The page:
Worldwide Covid-related restrictions undeniably had a huge negative impact on the global economy in 2020, especially for non-essential industries like luxury and fashion. The good news is that the most of the industry started to recover in 2021, though unevenly. 

According to the latest State of Fashion report published by McKinsey this fall, global fashion sales should “reach 96% to 101% of 2019 levels in 2021 and 103% to 108% in 2022” but “performance will vary across geographieswith growth likely driven by the US and China, as Europe lags”. The report also states that “consumer sentiment is on a positive trajectory, especially in markets where vaccination and saving rates are high.”

To round off this good news, experts are today confident that the global fashion industry won’t experience a setback in sales comparable to the one recorded in 2019 if a new wave of tight restrictions should occur. “Brand owners, retailers, consumers, I think, even suppliers, are starting to adapt to this so-called new normal” said Joseph Phi, Group Chief Executive of the Hong Kong-based supply chain management company Li & Fung in an interview published within the State of Fashion report. “The pandemic has shaken the very core and the very foundation of how the fashion supply chain has been built. It was built on efficiency by squeezing every ounce to make it cost effective. There is a need for a new equilibrium, and this will include diversification of the sourcing base, instead of putting all of your eggs in one basket,” said Phi.

Buyers from Russia

While it does not necessarily focus on the MENA region, the report does give some data showing that the fashion and luxury industry is also back on track in this part of the world, especially in the GCC and, more importantly, this is despite the remaining travel restrictions or those that might be imposed if the pandemic again becomes out of control. According to experts quoted in the report, the upward trend was mainly driven by domestic shoppers, which almost offset the decreases in tourism.

Fashion and luxury brand representatives contacted by Pulse all stated it was too early to comment on their performance for 2021, as the year has not yet ended. Off the record, many agree with the report’s observation. “It’s at least true for the luxury sector in the GCC,” says luxury expert and founder of Moksyz luxury retail consultancy, Fidaa Baddour. “The industry was broadly able to recover thanks to the domestic market and despite the decrease in the number of tourists coming from China. There were also some positive surprises, like the increasing number of buyers coming from Russia”, he also stated.

It’s not surprising to learn that the rise in domestic demand and the diversification of foreign clientele benefitted new local designers and familiar local names. “While we do expect customers to return to previous [international] buying habits, we’re certain that [increased] ‘repatriated spending’ will become the norm. As consumers search for quality products they don’t have to travel for, local designers and artisans are exceeding expectations and matching — sometimes surpassing — the quality demanded,” analyzed Avinash Wadhwani, co-founder of Lagos multibrand store Temple Muse, who was also quoted in the report. Khalid Al Tayer, chief executive of Ounass and managing director of Al Tayer Insignia, which operates joint ventures with brands including Gucci and Yves Saint Laurent, goes as far as saying that the trend “has really accelerated the brands in their adaptation of local tastes and local cultures and local celebrations by coming up with communication, [events] and merchandising that appeals to them.”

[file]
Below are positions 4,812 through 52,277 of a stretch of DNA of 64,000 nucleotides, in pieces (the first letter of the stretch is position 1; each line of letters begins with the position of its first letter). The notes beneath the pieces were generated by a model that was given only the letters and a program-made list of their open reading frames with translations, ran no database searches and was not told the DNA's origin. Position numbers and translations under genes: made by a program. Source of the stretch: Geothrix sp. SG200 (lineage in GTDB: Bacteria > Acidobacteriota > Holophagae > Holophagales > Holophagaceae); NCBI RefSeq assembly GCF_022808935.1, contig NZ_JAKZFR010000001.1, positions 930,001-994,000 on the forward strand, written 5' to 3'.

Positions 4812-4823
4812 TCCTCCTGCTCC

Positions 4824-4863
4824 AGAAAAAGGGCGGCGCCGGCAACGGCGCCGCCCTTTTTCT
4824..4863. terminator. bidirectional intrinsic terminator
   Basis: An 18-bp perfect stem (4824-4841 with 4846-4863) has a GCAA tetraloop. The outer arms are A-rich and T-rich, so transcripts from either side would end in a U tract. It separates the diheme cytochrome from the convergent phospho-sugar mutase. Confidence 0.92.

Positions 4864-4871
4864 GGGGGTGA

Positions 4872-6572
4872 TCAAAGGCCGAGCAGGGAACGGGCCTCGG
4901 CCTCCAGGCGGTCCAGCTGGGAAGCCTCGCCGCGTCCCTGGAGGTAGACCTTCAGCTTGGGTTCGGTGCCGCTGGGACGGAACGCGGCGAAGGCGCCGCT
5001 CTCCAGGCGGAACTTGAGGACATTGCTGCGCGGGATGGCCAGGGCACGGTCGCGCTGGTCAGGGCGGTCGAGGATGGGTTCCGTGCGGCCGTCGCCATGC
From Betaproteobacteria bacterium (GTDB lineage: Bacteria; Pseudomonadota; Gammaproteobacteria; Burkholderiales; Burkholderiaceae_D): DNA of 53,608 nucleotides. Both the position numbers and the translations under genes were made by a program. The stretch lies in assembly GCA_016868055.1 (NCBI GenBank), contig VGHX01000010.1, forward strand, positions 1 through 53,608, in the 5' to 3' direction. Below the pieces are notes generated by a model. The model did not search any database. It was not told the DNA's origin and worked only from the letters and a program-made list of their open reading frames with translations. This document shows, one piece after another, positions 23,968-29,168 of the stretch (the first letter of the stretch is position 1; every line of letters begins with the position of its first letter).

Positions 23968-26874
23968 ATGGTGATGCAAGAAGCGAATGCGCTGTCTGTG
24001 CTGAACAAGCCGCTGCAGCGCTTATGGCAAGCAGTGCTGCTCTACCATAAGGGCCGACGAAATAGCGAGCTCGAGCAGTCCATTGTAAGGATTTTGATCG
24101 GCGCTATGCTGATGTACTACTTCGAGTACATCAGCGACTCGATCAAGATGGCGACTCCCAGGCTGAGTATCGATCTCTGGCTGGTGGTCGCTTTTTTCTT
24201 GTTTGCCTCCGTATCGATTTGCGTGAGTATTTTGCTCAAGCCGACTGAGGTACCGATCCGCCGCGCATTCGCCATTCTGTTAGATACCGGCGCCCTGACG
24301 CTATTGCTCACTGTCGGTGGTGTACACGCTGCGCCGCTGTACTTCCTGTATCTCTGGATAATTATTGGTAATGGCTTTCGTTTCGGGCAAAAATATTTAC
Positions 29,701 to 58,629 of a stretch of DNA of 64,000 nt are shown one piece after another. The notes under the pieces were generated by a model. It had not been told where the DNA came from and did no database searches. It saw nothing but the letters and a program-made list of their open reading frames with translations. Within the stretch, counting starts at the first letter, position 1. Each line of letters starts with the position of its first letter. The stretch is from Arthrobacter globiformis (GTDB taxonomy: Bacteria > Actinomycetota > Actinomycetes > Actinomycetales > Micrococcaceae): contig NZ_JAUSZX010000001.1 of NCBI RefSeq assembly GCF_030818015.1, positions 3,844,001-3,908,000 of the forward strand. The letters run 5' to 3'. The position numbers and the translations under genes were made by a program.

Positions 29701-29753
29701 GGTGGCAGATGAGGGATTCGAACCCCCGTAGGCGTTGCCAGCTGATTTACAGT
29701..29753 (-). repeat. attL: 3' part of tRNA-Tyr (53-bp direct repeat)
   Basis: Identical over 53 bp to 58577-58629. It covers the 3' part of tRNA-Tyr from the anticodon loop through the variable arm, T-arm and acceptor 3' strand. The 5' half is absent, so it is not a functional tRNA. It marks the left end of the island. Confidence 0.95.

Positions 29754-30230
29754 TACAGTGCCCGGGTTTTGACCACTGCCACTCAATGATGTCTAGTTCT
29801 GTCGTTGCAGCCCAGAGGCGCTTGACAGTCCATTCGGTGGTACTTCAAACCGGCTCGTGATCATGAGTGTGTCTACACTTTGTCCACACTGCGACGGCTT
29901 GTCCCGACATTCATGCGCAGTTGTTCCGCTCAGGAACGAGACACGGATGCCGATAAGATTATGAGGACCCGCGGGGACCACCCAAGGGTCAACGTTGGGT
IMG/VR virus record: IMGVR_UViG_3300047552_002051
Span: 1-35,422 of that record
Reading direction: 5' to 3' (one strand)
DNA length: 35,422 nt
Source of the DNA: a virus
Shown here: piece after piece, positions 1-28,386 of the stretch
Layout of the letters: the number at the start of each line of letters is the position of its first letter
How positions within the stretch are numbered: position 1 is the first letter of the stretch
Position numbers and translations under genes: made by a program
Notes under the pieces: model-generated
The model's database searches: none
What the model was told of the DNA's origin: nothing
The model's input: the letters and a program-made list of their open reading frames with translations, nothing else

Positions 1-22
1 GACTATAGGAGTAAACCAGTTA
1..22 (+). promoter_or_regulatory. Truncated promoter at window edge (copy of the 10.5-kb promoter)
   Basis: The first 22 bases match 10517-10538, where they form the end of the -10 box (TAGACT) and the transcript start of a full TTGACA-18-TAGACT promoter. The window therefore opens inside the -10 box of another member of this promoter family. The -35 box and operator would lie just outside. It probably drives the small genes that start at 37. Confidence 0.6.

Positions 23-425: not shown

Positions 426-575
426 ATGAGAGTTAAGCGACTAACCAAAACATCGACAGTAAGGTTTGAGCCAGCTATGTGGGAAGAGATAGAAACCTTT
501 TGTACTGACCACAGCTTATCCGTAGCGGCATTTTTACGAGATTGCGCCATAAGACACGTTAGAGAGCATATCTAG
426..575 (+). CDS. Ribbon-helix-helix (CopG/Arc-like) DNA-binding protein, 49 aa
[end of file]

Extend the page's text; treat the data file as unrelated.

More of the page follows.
NFTs and Metaverse

Another prominent factor that contributed to this upturn is the development –hastened by necessity – of online sales channels, another lever pinpointed by the report: “Online business models were a standout success story of the pandemic. We expect that companies will continue to invest in digital innovation and experiment with fresh approaches to creativity and commerce in 2022. Digital assets such as non-fungible tokens (NFTs), gaming “skins” and virtual fashion will edge closer to the mainstream, with some brands expanding into the digital “Metaverse”, the recent major attempt by Facebook to succeed where the Second Life marketplace failed almost two decades ago. If it’s too early to comment on the outcome of this ambitious project, it’s however more than safe to assess the benefit of an enhanced online presence for traditional distributors. According to the report, “UAE-based luxury players with an online presence, such as Al Tayer Insignia’s Ounass and Chalhoub Group’s Tryano and Level Shoes, are (…) expanding fast across the region.”

Lastly, it is of course a given that this positive trend didn’t benefit all MENA region markets, at least to same extent, as countries like Lebanon, Syria, and Libya are facing major turmoil. The digital trend has also not been fully embraced by retail or wholesalers. On the other hand, textile producing countries like Egypt and Tunisia have enjoyed a dynamic of their own, with a double digit increase in textile exports, according to the latest official statistics (over 25% and almost USD 800 million for the former at the end of October, and more than 11 % for the latter at the end of August at EUR 1.1 billion).